The Cybersecurity Practice Imperative
by Ramesh Chitor, Satya Dillikar, Kush Bhardwaj, Kayshav Bhardwaj and Maya Chitor.
Cybersecurity in its broadest definition encompasses a wide range of practices, technologies, standards, tools, and concepts related closely to those of information and operational technology (OT) security. Cybersecurity protects against adversarial attacks and should never be used for offensive/nefarious purposes. One thing distinctive about cybersecurity is it is the only ‘science’ or tech field with a human adversary.
In recent times, with the explosive and sophisticated growth of ransomware attacks, institutions, practitioners, and end-users arestruggling to put better proactive data security practices in place. Organizations are constantly in search of advanced practices to keep the bad actors out of data access., Data Management, Data Governance, Compliance, Mobility, and Data Security platforms add new dimensions to this burning issue.
Cybersecurity constraints should be introduced early during software development as part of secure development methodologies and practices. In April 2023, CISA and its partners issued secure-by-design principles for software manufacturers. This paper provides a primer for an audience with little to no prior knowledge of Cybersecurity essentials. Relevant use cases for compliance and audit methods are highlighted while outlining requirements for strong Cybersecurity practices that encompass software, hardware, and relevant services are recommended.
This paper describes the elements of a CyberSecurity Practice and outlines key methodologies. All levels of audience are welcome to digest the contents of this document.
2. Cybersecurity History
In this year itself, Cybercriminals delivered a wave of cyberattacks that were not just highly coordinated, but far more advanced than ever before seen. Ransomware attacks hit small businesses and huge corporations alike. It was a year of massive data leaks, expensive ransomware payouts, and a very complicated and sophisticated threat landscape.
Cybersecurity attacks vary in severity and sophistication. Some of them include highly-coordinated, multi-step attacks
- Usage of old technology to launch new cyberattacks
- Use of fake logins, sign-up sites, and stolen identities to gain access to critical data
Ransomware attacks: Ransomware is a type of malware that prevents or limits users from accessing their system, either by locking the system’s screen or by locking the users’ files until a ransom is paid. Modern ransomware families, collectively categorized as crypto-ransomware, encrypt certain file types on infected systems and force users to pay the ransom through certain online payment methods to get a decryption key.
The very first inference of a ransomware attack: Even though ransomware has been in the headlines consistently over recent years, the idea of taking user files or computers hostage by encrypting files, hindering system access or other methods – and then demanding a ransom to return them has been around. In the late 1980s, criminals were already holding encrypted files hostage in exchange for cash sent via the postal service. One of the first ransomware attacks ever documented was the AIDS trojan (PC Cyborg Virus) that was released via floppy disk in 1989. Victims needed to send $189 to a P.O. box in Panama to restore access to their systems, even though it was a simple virus that utilized symmetric cryptography.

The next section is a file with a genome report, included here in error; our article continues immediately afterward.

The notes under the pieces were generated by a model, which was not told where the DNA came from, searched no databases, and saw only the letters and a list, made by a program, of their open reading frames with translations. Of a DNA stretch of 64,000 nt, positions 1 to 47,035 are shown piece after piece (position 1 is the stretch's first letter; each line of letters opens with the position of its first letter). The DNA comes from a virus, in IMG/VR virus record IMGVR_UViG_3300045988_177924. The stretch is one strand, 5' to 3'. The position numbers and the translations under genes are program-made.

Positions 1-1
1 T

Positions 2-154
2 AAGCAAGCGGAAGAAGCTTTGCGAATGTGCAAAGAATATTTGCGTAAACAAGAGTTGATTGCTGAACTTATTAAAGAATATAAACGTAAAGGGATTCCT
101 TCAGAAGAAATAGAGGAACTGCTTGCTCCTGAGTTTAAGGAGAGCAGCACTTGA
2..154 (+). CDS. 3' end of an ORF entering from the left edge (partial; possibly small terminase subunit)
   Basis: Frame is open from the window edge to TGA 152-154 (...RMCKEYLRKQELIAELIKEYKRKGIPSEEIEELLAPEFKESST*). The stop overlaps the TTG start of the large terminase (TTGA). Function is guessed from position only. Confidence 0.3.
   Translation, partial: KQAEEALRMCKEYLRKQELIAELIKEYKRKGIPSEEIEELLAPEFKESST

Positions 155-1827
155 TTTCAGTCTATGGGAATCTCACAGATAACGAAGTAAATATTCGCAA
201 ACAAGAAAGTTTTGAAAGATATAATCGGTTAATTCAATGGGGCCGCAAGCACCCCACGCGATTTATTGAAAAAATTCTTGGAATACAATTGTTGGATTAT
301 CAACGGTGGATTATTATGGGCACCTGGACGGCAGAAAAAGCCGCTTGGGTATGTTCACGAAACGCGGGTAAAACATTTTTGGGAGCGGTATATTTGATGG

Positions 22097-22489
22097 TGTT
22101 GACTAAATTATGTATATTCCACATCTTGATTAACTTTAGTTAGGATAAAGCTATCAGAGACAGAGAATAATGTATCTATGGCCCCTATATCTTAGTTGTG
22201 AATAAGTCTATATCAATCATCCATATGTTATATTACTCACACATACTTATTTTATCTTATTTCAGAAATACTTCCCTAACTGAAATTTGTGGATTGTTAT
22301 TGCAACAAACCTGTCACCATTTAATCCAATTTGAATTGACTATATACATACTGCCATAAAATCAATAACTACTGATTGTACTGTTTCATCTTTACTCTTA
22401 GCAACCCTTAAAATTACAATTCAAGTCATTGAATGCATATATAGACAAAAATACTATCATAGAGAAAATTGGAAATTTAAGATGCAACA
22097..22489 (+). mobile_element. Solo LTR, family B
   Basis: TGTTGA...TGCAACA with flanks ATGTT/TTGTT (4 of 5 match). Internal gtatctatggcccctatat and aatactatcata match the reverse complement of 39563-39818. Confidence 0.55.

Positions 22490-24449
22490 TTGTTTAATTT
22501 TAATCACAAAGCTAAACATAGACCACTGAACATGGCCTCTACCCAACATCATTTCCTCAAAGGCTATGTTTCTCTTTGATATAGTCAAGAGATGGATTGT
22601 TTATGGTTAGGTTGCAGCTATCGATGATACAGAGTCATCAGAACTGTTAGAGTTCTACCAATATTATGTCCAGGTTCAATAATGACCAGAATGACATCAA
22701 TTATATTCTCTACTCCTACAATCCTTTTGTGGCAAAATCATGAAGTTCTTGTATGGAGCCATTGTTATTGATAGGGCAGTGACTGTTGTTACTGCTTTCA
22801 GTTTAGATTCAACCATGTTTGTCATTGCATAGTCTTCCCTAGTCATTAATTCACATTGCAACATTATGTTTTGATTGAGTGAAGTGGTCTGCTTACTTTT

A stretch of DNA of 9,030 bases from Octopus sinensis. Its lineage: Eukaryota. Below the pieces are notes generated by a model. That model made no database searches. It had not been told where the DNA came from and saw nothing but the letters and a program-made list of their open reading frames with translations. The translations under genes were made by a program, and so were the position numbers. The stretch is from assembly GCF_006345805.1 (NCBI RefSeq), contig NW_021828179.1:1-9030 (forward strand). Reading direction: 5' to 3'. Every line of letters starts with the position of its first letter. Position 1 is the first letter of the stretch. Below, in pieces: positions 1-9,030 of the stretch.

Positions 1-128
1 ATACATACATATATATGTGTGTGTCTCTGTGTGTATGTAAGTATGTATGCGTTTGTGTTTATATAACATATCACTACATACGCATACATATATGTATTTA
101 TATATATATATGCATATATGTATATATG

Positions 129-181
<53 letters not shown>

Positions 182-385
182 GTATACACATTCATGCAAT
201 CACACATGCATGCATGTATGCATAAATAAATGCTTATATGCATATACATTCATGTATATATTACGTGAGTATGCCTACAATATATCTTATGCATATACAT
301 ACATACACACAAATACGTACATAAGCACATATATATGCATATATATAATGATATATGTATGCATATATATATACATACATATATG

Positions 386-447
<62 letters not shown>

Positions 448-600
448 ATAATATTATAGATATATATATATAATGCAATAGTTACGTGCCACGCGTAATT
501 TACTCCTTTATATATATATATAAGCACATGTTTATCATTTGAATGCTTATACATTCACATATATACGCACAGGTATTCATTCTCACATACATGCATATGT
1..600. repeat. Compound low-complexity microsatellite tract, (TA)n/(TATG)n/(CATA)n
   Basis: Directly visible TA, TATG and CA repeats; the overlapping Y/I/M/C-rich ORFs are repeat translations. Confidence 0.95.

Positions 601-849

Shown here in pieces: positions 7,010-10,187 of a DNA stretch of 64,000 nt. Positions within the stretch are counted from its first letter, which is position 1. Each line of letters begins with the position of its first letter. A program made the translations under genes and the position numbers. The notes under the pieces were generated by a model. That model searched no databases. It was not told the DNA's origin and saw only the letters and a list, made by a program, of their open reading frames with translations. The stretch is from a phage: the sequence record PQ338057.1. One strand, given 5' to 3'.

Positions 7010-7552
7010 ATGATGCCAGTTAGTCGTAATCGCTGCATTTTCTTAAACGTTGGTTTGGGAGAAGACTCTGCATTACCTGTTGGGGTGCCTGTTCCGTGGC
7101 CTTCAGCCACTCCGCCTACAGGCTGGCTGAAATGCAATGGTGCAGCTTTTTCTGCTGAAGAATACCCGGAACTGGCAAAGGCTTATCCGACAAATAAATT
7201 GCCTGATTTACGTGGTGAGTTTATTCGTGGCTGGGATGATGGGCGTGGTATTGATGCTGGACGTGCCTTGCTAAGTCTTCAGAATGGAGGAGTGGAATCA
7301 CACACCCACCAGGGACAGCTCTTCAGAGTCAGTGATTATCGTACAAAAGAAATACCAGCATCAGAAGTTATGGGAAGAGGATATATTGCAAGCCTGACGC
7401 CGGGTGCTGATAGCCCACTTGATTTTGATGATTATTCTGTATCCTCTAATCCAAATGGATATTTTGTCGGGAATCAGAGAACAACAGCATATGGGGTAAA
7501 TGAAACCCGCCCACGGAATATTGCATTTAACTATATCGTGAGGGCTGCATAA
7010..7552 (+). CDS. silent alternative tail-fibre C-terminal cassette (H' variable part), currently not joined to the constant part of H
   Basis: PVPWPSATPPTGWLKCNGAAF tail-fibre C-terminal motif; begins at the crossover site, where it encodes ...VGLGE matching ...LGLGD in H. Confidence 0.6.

With the emergence of cryptocurrencies, the frequency of ransomware attacks has gone up drastically. In 2013, a new type of ransomware that encrypted files aside from locking a system emerged. The encrypted files ensured that victims were forced to still pay the ransom even if the malware itself was deleted. Due to this novel behavior, it was dubbed “CryptoLocker”. Like previous ransomware types, crypto-ransomware demands payment from affected users in exchange, this time, for a decryption key to unlock the encrypted files.
When George Kurtz, CEO of Crowstrike testified in front of the Select Senate Committee on Cybersecurity and Supply Chain Threats, he said that it was abundantly clear that organizations were consistently failing to adequately defend themselves.
3. Cybersecurity Architecture
The dimensions of a cybersecurity architecture are:
Figure-1: Cybersecurity Dimensions
- Technical dimension: This dimension includes the selection, configuration, and implementation of technical solutions to protect the organization’s assets, such as networks, devices, applications, and data. This includes technologies such as firewalls, intrusion detection and prevention systems, antivirus software, encryption, and access control systems.
- Operational dimension: This dimension includes the development and implementation of policies, procedures, and processes to manage cybersecurity risks and incidents. This includes activities such as risk assessment, vulnerability management, security awareness training, incident response planning, and security monitoring.
- Physical dimension: This dimension includes the protection of physical assets, such as buildings, equipment, and storage facilities. This includes physical security measures such as access control, surveillance, and environmental controls.